With this phenomenon happening whenever the skies above the mountain are clear, many mountaineers believe that with experience, you can tell the wind direction, wind force, and wind speed at the peak from the cloud formations. For an expedition to reach the summit, this is an invaluable indication of climate conditions at the peak, and a useful tell-tale for when to make that last push to the summit.
Best Time to Appreciate Flag Clouds on Mount Everest
April to May and September to November are the best times to visit Everest to see these amazing flags on its peak. The weather during these seasons is milder and much more pleasant for trekking around this high-altitude plateau. Spring and autumn are also the times when there is very little cloud cover over the mountain range, and the best time for the clear skies that make for the perfect conditions to view the flag clouds. Winter is too cold, and more often than not, the roads to the Tibetan Base camp are blocked by snow.
Summer, from June to early August is the monsoon season in Tibet, and although there is not that much rain, the skies get fairly cloudy because of the prevailing, easterly winds and the Inter Tropical Convergence Zone (ITCZ), a belt of low pressure where northern and southern hemisphere winds meet, and which causes thunderstorms in the rainy season.
How to Get to Mount Everest
Getting to the mountain is relatively easy, although there are a lot of official documents and permits that you will need, even before you enter Tibet. Once you have the necessary permits to get into Tibet, you can take Tibet train or fly to Lhasa, the world-famous capital of the region. From there, your guide will be able to drive you across the entire region to Everest Base Camp. The route follows the Sino-Nepal Friendship Highway, which travels through the beautiful cities and towns of Tibet, such as Gyantse, Shigatse, Lhatse, and Tingri, and past the spectacular Rongbuk Monastery, a popular place to stay when visiting Everest.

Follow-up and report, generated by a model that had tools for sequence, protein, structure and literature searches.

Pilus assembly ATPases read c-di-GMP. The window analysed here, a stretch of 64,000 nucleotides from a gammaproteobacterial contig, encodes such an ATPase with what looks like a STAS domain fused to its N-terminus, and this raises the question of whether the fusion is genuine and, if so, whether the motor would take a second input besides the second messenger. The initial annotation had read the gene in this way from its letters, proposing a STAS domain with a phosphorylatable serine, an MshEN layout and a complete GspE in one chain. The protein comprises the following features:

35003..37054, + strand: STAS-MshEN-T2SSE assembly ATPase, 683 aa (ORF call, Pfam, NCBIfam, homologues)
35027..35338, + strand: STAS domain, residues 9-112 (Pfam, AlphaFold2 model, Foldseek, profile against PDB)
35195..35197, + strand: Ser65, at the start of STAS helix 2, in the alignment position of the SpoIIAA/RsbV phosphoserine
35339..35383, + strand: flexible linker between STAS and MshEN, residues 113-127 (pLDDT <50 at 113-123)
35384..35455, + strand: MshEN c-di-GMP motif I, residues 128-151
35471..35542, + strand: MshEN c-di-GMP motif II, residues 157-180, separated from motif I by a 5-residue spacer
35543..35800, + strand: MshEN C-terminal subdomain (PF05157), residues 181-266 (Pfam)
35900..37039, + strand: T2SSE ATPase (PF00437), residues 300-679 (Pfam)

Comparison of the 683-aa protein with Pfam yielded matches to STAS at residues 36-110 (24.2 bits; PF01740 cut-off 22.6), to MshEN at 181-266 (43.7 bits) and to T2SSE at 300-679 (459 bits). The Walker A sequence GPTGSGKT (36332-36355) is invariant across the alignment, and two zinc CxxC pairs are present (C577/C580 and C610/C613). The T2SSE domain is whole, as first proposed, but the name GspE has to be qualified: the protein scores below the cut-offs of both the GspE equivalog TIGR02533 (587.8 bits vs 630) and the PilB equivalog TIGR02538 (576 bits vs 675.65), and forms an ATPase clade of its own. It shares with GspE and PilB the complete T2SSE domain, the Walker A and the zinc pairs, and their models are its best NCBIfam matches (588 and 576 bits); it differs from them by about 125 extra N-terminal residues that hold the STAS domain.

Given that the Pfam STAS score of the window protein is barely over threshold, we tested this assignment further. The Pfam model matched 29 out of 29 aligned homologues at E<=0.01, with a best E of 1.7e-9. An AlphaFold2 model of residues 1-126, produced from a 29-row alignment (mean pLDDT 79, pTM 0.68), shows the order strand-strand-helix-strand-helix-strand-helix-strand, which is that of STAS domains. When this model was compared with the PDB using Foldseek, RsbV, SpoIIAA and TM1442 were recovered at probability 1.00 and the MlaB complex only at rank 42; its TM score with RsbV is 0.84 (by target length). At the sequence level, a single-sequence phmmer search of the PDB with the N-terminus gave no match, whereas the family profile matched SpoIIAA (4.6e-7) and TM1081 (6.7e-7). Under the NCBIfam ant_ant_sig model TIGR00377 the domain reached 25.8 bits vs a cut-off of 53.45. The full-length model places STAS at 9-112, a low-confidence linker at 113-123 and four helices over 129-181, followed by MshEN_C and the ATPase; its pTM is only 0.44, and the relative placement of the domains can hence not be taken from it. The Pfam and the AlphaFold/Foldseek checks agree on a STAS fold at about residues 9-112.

While you can drive right to the Base Camp site, many people prefer to hike the final four kilometers to the camp, as it is an amazing way to get your first sight of the mountain.
Accommodation near Mount Everest in Tibet
The best accommodation near Mount Everest is the Rongbuk Monastery, which is just a short 4km walk away. The monastery has plenty of rooms for visitors to the mountain, and is a popular stopping point for tourists in the area. If monasteries are not your thing, or you want to stay closer to the mountain, there are several tent hostels at the Base camp, which cater to groups of travelers visiting Mount Everest. You also have the option to camp at the Base Camp, and there is a campsite with water nearby.
Classic Itinerary of Tibet Everest Base Camp Tour
Touring Mount Everest is everyone’s dream, and with Tibet Vista this dream can easily become a reality. Our favored tour for Everest is an eight-day trip that starts and ends in Lhasa, and visits several places on the route to the world’s tallest mountain.